“It’s dangerous because family planning can disappear in your body and you can no longer have children.”

--Young female focus group participant, Tambacounda.

“When a woman uses family planning before marriage, she risks becoming infertile.”

--Unmarried 15–17-year-old man, Tambacounda.

Youth also overestimate the social stigma associated with using contraception. While many young people we spoke with think that community members would unconditionally disapprove of their use of contraception, interviews with parents suggest a slightly more nuanced story. Though none of the parents we interviewed fully endorsed the use of contraception among their unmarried children, many said they would support it if their child were at a high risk for pregnancy.

“I would be ashamed to get condoms at the health hut because my uncle is there. When we go to get condoms, we don’t want to meet people we know at the hospital.”

–Young male focus group participant, Kedougou.

“The proximity of the facility if they are not married [could prevent young people from getting contraception]. Because people will say that the daughter of so-and-so used family planning even though she isn’t married so she had sex outside of marriage.”

--Unmarried 15–17-year-old woman, Tambacounda.

“If my child ... became pregnant, I would be ashamed. So if my child personally wants to use family planning to avoid getting pregnant, I would accept that.”

–Father of 12 children, Kedougou.

Result 5: Unmarried young people fail to plan ahead and are not prepared to use modern contraceptive methods before every sexual encounter.

In Kedougou and Tambacounda, discussion of sex and contraceptives is considered taboo. Only a few of the young people we interviewed reported discussing contraceptive use with their partner ahead of sex, instead preferring to discuss sexual health topics with friends of their own gender. A further complicating factor is that while the most common form of contraception for unmarried people (the male condom) is seen as the responsibility of young men, young women bear the majority of the social consequences for a pregnancy outside of marriage. Women who become pregnant are stigmatized within the community—they may be thrown out of their parents’ house, forced to leave school, or beaten—while young men may be able to deny their responsibility for the pregnancy and escape the social and financial consequences of caring for the child.Footnote 12 Because men can decline their responsibility for the pregnancy, ensuring they use protection with every sexual encounter may not feel like a high priority.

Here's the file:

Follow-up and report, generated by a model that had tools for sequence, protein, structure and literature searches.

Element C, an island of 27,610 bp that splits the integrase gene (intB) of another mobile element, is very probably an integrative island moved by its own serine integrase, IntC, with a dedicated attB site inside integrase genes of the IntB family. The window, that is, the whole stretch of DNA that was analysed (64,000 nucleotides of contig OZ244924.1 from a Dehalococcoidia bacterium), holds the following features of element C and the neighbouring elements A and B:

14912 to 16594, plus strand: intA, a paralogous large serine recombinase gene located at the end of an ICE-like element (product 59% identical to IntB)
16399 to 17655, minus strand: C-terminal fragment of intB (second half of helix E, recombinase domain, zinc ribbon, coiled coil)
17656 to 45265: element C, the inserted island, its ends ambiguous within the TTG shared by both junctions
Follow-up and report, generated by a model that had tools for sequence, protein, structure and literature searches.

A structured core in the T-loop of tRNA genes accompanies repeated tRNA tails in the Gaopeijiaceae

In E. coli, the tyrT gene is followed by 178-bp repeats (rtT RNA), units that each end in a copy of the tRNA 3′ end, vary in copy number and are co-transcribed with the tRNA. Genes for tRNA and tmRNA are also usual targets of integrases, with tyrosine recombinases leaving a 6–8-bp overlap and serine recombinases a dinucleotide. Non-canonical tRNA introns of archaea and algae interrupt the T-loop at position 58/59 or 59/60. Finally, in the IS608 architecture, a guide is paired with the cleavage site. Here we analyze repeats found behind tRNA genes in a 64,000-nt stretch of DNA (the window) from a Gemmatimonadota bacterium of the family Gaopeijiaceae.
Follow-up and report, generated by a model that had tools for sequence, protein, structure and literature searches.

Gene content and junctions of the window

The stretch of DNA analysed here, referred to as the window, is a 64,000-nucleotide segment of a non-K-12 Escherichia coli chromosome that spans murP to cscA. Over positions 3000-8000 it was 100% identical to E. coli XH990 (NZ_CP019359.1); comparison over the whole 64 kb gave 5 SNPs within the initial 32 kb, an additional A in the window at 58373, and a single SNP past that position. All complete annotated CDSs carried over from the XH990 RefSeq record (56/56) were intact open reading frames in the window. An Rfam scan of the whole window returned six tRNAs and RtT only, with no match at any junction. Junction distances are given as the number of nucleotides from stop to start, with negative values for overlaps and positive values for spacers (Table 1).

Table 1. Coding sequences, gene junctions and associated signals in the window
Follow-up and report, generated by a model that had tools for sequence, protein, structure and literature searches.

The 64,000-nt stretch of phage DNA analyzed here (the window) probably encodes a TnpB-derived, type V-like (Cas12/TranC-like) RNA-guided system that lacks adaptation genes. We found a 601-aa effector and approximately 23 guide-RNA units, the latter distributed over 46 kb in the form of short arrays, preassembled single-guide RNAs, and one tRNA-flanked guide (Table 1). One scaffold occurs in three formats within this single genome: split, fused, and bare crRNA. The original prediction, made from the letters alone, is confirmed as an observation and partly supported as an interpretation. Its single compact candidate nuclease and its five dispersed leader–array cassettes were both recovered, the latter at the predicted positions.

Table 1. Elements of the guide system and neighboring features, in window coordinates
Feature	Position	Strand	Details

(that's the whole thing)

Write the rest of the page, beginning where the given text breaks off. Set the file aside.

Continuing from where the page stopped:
“It’s nothing but misery [if you become pregnant outside of marriage]! They beat you, they insult you, you don’t eat, people talk about you...People call you a degenerate.”

--Unmarried 18–24-year-old woman, Tambacounda.

“If a boy discovers that you are pregnant then you are screwed because even if it is the boy who got you pregnant, he will deny it because if you had sex with me, then you could be having sex with someone else.”

–Young female focus group participant, Tambacounda.

Unmarried young people may intend to use contraceptives every time they have sex, but if they do not have condoms on hand or expect condoms to reduce their physical pleasure, they may ignore their intention to use a condom due to visceral feelings of arousal.

“During my last time having sex, I didn’t use a condom. I looked for one, but I couldn’t find one.”

–Unmarried 18–24-year-old man, Kedougou.

“When I talk to them about sex, some of my friends are so immature. They say, ‘Does rice have the same taste everywhere? All rice has its own flavor. And if we protect ourselves with a condom, we will not have the desired taste.’”

--Unmarried 18–24-year-old man, Tambacounda.